Gray said that recent media reports had caused outrage among at least one influential donor, prompting Olive to announce that it would cease operations.
In his remarks, Mr. Olive stated that the players were asking if their First Amendment rights were being violated and he informed the players that those rights did not apply in this situation.
Athletes from the men’s and women’s basketball, soccer and soccer teams participated in a video conference discussion this week, Gray said, arguing that their First Amendment rights were being violated and discussing ways to address school policies.
“We are a private organization, not a public organization,” Mr. Olive said in a statement. “In the student handbook and the university yearbook, we have rules and policies that limit some rights that you have elsewhere, such as at home or in a public place. But the most important thing to me in this area is what I said earlier”. When a person puts on a uniform or holds an office on behalf of Bluefield College, that person now represents Bluefield College. That person now has higher expectations of what he or she can and cannot do or say as a representative of the college.
After his suspension, Gray decided to support the basketball players by organizing a walk during football practice. Because of COVID-19, Bluefield plays in the spring semester. With the game scheduled for Saturday, the coach hopes to avoid a major interruption in practice. Gray agreed to be the only player to leave, while the others who accepted the protest were allowed to stay and train.
Gray then posted a photo of his protest on Twitter, which was retweeted by several members of the Bluefield basketball team.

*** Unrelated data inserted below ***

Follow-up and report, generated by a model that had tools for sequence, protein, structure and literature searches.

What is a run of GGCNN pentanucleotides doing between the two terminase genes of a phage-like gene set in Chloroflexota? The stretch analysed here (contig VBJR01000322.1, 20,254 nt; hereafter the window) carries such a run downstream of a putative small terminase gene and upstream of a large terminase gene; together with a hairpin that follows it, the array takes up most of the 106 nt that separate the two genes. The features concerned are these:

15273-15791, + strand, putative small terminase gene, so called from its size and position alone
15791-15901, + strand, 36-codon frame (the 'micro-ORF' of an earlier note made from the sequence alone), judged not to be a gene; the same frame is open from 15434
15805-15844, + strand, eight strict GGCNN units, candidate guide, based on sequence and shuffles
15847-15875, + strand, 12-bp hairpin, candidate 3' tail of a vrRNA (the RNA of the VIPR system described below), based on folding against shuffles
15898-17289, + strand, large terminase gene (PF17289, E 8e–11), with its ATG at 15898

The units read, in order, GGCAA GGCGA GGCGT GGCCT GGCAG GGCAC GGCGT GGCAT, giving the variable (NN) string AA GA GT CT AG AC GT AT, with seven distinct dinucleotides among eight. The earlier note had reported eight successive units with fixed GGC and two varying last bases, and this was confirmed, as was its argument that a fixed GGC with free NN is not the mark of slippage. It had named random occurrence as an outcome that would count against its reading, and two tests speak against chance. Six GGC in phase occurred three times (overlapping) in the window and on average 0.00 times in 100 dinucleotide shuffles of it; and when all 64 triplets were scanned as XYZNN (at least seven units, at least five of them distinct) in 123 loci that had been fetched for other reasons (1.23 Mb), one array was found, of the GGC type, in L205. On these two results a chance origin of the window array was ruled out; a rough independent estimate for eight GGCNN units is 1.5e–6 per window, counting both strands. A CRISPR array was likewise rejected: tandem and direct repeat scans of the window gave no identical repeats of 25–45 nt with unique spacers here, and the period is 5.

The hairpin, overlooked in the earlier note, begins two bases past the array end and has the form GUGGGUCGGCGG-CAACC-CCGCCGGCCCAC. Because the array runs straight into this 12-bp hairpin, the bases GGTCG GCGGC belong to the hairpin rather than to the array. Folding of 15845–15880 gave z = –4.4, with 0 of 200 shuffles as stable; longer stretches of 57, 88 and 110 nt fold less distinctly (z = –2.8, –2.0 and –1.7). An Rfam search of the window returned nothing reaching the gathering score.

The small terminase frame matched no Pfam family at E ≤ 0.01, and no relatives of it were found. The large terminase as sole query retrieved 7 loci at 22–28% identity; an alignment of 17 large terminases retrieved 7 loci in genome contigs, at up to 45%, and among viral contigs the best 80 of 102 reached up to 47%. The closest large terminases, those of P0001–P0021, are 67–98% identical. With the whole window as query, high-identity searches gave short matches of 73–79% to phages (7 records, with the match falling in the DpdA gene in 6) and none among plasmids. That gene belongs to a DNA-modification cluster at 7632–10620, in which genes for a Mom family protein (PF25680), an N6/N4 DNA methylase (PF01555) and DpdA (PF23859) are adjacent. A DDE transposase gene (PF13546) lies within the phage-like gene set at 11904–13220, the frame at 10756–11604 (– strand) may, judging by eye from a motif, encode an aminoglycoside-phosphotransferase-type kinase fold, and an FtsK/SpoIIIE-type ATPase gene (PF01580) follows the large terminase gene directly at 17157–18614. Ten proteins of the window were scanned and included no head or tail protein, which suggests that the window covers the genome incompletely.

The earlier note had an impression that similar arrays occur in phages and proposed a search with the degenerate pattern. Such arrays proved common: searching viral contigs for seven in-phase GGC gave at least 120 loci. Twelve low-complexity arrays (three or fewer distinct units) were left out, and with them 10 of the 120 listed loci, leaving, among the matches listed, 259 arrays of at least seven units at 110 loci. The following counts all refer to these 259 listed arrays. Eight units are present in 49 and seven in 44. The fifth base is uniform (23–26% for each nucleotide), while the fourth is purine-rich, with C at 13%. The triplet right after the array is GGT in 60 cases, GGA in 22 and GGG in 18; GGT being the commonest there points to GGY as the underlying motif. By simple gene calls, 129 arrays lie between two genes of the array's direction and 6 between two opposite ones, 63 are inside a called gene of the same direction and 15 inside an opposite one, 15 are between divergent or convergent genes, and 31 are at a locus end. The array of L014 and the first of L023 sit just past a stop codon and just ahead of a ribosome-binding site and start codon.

Today I stood up for what I believe in and peacefully protested social injustice during soccer practice. Lately, there has been colorism against student athletes on my college campus and in my community, and it is wrong.
I’m hoping for support on Twitter ✊?✊?✊? pic.twitter.com/FrayzzrAH3
– Jewels Gray (@15_toetap) February 11, 2021
“I didn’t think the soccer team should practice if the basketball team can’t play just because they stand up for what they believe in,” Gray said. “I peacefully protested the practice, but I didn’t ask anyone to let me practice. I stood in front of [the team’s prayer] and told them what was going on. I know we all have the same goal.
Gray’s teammate, Army veteran Collin O’Donnell, made a statement Thursday from the entire football team.
“Over the past few days, Bluefield College’s athletics have been at the center of our attention, both during the national anthem and in the decisions made afterwards,” O’Donnell wrote. “As a soccer team, we cannot be blind or deaf to the social problems of our country and the deep divisions we must collectively overcome without stopping there. This week we have spoken and expressed among ourselves that, despite outside forces or opposing views, we remain united, indivisible. One of the hallmarks of our constitutional republic is our First Amendment rights; this ability to peacefully hold different beliefs and opinions and live by the truth is what makes us unique and sets us apart from those in our world who seek to silence others on difficult issues.
“As a team, we are focused and committed to each other. Each season, we strive to make a real and positive difference in our community. Whether we agree or disagree on how we express our concerns…..when we take the field, we are one unit, one family, and we believe in each other.
According to the 2019 school census, nearly 84% of students were white, while only slightly more than 10% were black.
“Most of the student-athletes here are African-American, but the city and the community – if you look at the comments [O’Donnell] gets on Facebook, people put him down like that. All kinds of unkind comments. There are really a lot of people in the town and in the community of Bluefield College who should be open to that. I’m not saying they have hate in their hearts, but I think they should be open to it.